KEARNEY, Neb. — Chris Sommerich had an idea.
What if Nebraskans had a chance to talk about a touchy topic these days — say “fake news,” politics, journalism and the future of democracy?
What if they could do it in person, physically gathering in a room to discuss the issue openly.
What if journalists — local and national — weighed in?
What if everyone could do this in cities across Nebraska and not on social media, where sides are drawn, trenches are dug and — to continue the World War I metaphor — poison gas is spread?
So Sommerich, head of Humanities Nebraska, figured out a way to do just that.
With help from the organization that awards print journalism’s highest prize, the Pulitzer, and a grant from the Andrew W. Mellon Foundation, plus a bunch of willing participants — including yours truly — Sommerich conducted a statewide series of talks with a weighty word in the title: “Trust.”
From Scottsbluff to Omaha and in four communities in between, Sommerich organized panels of experts, invited the public and held open discussions about the role of a free press in a democracy and threats to that.
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The structure was less a top-down lecture and more a bottom-up question-and-answer session with red Nebraskans who might be inclined to distrust the press and blue Nebraskans who might be inclined to think that the press isn’t doing enough watchdog work.
These regular Nebraskans engaged with one another and with national journalists like Sarah McCammon of National Public Radio and local journalists like Shon Barenklau, the Kearney Hub’s publisher.
Also on the docket were people like Matt Waite, a UNL professor who won a Pulitzer Prize for his work in launching the fact-checking PolitiFact website.
The 90-minute forums kicked off last month in Norfolk, followed by talks in Scottsbluff, Omaha, North Platte and, on Thursday, Kearney.
The final event is scheduled for Nov. 28 at the University of Nebraska-Lincoln Innovation Campus.
Humanities Nebraska is a Lincoln-based organization that is funded by the federal government’s National Endowment for the Humanities and other sources.
Its role is to promote that which makes us human — events and activities that highlight the arts, culture and human understanding.
Sommerich said the idea grew out of anguish he heard statewide from Nebraskans of all political stripes who felt like there were few opportunities to engage with one another constructively on the hot issues of the day.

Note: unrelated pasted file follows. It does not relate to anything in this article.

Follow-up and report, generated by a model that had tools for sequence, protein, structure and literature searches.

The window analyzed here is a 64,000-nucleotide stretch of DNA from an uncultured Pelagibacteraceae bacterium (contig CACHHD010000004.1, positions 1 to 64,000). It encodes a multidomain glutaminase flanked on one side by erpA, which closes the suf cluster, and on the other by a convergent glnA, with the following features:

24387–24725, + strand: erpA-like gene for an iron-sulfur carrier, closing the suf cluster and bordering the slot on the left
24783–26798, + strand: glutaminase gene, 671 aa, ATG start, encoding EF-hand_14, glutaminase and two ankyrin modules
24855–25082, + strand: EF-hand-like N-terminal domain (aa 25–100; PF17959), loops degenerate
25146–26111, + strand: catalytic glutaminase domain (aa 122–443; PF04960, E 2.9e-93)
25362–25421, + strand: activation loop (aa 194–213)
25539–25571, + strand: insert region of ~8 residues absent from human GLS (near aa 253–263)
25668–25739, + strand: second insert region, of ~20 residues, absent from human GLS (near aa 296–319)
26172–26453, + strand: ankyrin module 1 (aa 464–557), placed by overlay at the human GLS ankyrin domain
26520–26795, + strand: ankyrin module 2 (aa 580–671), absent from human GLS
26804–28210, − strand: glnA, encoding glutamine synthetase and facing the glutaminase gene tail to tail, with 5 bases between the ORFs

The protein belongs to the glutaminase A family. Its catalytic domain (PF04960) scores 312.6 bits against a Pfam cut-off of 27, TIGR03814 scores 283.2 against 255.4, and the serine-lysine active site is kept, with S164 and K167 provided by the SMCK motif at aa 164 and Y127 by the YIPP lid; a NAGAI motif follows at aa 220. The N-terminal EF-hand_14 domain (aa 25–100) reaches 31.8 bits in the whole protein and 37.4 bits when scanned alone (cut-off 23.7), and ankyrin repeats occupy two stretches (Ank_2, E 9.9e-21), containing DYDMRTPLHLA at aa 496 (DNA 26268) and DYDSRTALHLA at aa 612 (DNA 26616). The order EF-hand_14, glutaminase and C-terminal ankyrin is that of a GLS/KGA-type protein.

He said he was inspired by community conversations that the Norfolk Daily News conducts there and by the work of a group called Inclusive Communities in Omaha, a nonprofit that hosts monthly discussions on what can be difficult subjects.
The result was events like the one I participated in Thursday in Kearney.
More than 100 University of Nebraska at Kearney students attended an hourlong discussion about “fake news,” and at least 60 more people went to the later talk that was, more broadly, on journalism and democracy.
At each stop, audience members were handed a card that listed ground rules “for a productive conversation.” (Note: Bookmark this for Thanksgiving dinner.) The tips included civility, respect, brevity, objectivity and patience.
Kearney audience members asked pointed questions such as how to limit hate speech, how the consolidation of news outlets was hurting journalism, especially local journalism, and whether fluff was replacing meat in daily newspapers.
One woman said she wanted more local investigative work and fewer human interest stories.
One man challenged the idea of objectivity, saying news outlets instead should focus on accuracy and honesty.
Another — citing his age — asked how media outlets would tailor their products to young people who eschew the newspaper and local television.
Barenklau said that information is a franchise and that it will always be needed — it’s just that the way it’s delivered is evolving.
Waite said that no matter how technology shifts, “good, useful, verifiable, factual information” remains vital.
I made a shameless and naked pitch that the audience, which skewed older, get their children newspaper subscriptions for Christmas. (The World-Herald has a steal right now on digital subscriptions.)
Barenklau told questioners that his door is open and that he welcomes feedback about how the Hub can be more responsive.
McCammon, whose role on Thursday was to serve as the moderator, talked about what it was like to be a national reporter for NPR whose assignments include that third rail in American discourse: abortion.
She said that the language around the topic is so fraught that people on either side of the issue can be unhappy with how NPR approaches it but that NPR tries hard for balance and fair coverage of the issue.
McCammon also talked about getting her broadcast start in Nebraska, working for NET.
She described going to a dairy farm in Nebraska to interview a farmer — and asking if there was a private room in his homewhere she could pump breast milk because she had recently given birth.
The audience laughed at the irony and the anecdote.
Sommerich said his hope was to humanize the press for audiences and also conduct open exchanges that might not solve problems outright but that point people in the right direction.
“Our human nature is still to communicate with each other,” he said. “Fundamentally, (this is about) bringing people together and exploring what it means to be human.”